As for the most broken game I’ve played. I’m not quite sure. I’ll have to get back to you on that one.

      Liked by 1 person

      1. I heard Sonic Boom is quite bad. Speaking of which have you played the legendarily awful Sonic 2006? I saw a Let’s Play of it about seven years ago and it’s amazing how bad it is. It would be interesting if you end up playing both games; you can decide which one is worse.

        Similarly, I considered playing Metroid: Other M because that’s another game that regularly ends up in the bargain bin. It’s amazing that a first-party Nintendo game could depreciate in value to that extent. I ultimately decided against it because one of my personal rules is that I cannot go into a game wanting to hate it. I want my reviews to be as unbiased as possible, so I go into games hearing that they’re good or interesting and draw my own conclusions once all is said and done.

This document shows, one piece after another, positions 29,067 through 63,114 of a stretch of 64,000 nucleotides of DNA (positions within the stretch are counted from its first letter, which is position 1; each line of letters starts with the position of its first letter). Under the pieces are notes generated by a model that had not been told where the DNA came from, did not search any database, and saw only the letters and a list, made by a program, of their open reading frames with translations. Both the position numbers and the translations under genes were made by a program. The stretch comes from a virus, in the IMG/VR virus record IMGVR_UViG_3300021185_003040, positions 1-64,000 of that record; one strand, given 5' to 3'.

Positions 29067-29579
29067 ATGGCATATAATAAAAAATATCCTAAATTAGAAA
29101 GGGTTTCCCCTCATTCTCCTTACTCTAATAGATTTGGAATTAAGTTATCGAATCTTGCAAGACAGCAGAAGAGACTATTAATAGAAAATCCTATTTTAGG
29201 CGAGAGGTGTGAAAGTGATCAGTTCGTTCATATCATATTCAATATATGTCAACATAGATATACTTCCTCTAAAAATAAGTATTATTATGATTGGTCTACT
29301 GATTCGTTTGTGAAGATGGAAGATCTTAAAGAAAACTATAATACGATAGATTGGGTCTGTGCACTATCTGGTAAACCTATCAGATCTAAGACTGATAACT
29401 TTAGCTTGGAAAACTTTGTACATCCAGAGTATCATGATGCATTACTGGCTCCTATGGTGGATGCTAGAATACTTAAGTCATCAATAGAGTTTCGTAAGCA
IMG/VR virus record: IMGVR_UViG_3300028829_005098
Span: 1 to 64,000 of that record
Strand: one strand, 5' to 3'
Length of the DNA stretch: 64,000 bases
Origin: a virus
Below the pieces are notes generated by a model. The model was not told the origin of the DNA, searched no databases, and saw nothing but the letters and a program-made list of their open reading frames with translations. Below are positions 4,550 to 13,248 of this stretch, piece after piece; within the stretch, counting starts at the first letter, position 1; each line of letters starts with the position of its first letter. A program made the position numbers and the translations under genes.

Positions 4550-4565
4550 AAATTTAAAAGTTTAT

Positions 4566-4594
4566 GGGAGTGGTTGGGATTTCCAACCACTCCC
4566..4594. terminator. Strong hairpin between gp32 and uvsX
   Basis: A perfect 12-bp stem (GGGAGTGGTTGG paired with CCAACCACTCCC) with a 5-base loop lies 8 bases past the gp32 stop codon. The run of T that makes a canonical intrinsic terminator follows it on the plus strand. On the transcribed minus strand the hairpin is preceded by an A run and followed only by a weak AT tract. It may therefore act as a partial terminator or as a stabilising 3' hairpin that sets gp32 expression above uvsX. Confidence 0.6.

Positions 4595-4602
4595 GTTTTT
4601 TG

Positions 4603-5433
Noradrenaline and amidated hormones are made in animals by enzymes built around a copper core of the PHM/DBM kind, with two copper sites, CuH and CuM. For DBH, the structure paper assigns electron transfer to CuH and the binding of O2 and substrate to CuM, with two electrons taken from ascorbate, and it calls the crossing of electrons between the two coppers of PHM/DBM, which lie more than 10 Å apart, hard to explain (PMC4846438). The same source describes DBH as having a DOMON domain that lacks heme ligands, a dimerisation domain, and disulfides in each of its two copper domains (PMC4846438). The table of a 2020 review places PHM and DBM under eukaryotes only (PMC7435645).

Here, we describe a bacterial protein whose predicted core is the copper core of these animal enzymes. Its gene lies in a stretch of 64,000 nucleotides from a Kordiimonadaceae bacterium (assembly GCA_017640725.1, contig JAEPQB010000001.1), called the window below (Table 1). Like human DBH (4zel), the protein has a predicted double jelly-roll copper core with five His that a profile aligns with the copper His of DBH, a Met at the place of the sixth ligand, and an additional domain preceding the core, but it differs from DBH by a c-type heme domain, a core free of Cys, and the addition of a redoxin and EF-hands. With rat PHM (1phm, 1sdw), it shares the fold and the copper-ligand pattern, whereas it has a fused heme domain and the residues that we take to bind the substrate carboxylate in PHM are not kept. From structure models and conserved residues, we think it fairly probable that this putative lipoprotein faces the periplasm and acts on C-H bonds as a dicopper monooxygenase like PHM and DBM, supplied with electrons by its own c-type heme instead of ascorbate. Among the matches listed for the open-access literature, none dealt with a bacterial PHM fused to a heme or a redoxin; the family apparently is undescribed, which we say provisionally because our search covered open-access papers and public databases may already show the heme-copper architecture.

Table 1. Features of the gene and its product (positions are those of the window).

Liked by 1 person

      2. Challenge accepted! I will suffer through both Sonic ’06 and Sonic Boom as soon as I can, and see which one is the “victor.”

        Other M is a mess of a game. I can’t even believe it. How do you make a bad Metroid game? But, well, they did. I might go back to it so I can review it here, but I’m skeptical.

        I also try not to have a set opinion on something beforehand (though sometimes it’s unavoidable. With Mario’s track record, for example, you kind of expect a new entry to be good). Expectations can’t be avoided altogether all the time, but sometimes they can be proven wrong for good or bad, or be proven right for good or bad. So long as someone doesn’t already have their opinion of something set in stone beforehand, it isn’t too much of a crime to have some expectations one way or another.